BEIRUT, Lebanon — Tens of thousands of re-energized opponents of the Syrian government gathered Friday for demonstrations on a second day marked by relatively low levels of violence, but the U.N. Security Council was unable to agree on a mission to monitor further implementation of a peace plan.
The protests that now habitually take place after Friday prayers were much anticipated this week, coming 36 hours after a cease-fire mandated in the plan put forward last month by U.N.-Arab League envoy Kofi Annan, which also requires the government to allow peaceful demonstrations of dissent.
The plan has been endorsed by Syrian President Bashar Assad and his allies in Russia and China, as well as Western nations that have called for him to step down. However, a heavy military presence Friday thwarted major protests in most cities, and eight civilians were killed across the country by security forces, according to a spokesman for the Britain-based Syrian Observatory for Human Rights.
The plan's requirements appeared to have been violated by armed members of the opposition as well as by security forces, with two soldiers reportedly killed in an attack near Hama. The information was not possible to verify.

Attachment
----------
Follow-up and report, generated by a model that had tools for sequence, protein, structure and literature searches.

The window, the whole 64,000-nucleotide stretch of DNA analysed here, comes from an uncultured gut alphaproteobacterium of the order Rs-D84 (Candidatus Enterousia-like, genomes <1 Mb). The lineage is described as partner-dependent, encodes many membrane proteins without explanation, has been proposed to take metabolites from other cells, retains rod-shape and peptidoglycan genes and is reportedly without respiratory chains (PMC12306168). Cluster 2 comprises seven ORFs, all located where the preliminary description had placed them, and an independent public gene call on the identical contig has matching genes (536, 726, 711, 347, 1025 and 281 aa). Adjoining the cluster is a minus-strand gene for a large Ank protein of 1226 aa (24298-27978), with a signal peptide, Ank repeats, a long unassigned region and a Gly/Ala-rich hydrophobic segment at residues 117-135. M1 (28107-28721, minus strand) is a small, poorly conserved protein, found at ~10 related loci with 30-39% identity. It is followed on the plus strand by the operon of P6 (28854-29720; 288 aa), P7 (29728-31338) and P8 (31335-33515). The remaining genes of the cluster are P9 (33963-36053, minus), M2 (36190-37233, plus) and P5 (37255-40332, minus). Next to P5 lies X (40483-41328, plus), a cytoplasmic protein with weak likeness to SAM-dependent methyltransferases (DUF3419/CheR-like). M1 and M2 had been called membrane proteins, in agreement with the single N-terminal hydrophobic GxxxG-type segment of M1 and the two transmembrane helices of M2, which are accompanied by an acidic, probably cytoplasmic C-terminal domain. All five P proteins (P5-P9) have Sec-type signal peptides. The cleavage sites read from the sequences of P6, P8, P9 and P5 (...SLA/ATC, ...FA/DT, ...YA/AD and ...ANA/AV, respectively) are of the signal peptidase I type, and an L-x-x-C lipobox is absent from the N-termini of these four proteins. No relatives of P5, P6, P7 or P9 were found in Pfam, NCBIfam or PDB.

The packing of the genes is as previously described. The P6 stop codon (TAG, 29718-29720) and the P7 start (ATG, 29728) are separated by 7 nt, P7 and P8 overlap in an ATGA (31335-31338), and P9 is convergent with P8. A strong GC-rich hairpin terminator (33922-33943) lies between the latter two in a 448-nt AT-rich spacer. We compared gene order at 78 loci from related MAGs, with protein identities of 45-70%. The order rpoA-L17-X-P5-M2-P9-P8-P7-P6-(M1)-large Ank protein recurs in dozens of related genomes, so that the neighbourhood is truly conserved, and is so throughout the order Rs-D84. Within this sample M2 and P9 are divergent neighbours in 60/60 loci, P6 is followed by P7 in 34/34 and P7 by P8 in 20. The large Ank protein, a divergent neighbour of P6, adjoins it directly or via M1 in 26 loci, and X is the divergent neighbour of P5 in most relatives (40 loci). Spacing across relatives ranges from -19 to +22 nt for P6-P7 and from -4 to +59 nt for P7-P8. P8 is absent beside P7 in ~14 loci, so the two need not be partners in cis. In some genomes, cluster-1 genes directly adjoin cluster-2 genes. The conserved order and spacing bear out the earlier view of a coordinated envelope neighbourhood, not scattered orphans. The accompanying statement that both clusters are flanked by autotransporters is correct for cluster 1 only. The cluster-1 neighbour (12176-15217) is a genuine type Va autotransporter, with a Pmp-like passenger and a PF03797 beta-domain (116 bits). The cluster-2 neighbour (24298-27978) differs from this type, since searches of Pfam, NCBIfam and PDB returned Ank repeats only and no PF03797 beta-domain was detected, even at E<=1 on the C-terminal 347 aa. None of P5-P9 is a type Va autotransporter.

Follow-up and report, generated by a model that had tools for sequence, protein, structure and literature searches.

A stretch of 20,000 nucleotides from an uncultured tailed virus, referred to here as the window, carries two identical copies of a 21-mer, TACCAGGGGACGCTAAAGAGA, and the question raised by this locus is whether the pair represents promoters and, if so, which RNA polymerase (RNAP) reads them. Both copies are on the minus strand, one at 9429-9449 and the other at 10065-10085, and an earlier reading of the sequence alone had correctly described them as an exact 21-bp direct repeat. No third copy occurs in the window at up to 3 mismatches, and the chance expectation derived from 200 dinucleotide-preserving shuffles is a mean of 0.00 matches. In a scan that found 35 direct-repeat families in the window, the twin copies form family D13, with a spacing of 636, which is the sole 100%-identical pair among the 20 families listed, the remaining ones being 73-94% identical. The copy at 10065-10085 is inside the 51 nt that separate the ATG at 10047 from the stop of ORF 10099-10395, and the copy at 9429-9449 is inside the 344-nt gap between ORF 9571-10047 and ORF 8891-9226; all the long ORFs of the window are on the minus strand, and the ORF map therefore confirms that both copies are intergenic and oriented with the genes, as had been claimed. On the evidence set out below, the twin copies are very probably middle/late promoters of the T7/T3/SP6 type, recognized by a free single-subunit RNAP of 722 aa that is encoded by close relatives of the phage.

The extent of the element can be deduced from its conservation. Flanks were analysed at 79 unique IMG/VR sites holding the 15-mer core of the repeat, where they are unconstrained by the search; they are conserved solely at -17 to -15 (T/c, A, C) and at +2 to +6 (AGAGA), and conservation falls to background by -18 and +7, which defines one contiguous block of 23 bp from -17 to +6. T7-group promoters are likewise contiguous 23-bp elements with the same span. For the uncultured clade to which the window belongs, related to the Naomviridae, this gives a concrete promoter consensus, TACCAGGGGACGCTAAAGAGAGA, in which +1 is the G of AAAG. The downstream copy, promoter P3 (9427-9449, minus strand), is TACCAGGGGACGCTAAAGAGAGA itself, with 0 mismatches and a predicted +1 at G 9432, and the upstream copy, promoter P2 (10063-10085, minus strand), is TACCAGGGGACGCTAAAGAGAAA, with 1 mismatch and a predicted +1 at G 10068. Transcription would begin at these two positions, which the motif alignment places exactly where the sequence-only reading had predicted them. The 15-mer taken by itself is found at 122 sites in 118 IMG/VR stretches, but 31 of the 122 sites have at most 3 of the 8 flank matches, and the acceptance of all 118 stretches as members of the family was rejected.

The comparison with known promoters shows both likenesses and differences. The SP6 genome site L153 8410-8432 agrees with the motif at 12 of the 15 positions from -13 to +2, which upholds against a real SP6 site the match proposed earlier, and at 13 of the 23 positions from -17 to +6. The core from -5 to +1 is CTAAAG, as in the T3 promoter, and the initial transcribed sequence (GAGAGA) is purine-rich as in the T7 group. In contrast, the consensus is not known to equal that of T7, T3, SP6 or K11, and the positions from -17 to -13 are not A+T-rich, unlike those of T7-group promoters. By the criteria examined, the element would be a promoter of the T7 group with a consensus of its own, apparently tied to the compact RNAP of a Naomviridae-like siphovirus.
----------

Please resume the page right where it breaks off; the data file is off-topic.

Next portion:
U.N. officials and Western diplomats had hoped that even a partial cease-fire would allow progress on the rest of Annan's six-point proposal, which includes clauses obligating the Assad government to allow humanitarian aid, foreign journalists and U.N. monitors to enter Syria.
But the U.N. Security Council failed to agree Friday on a resolution that would include sending an advance team of up to 30 unarmed military observers to the country, with plans to increase the number to 250 later. The debate stalled as Syria's ally Russia proposed less-stringent wording.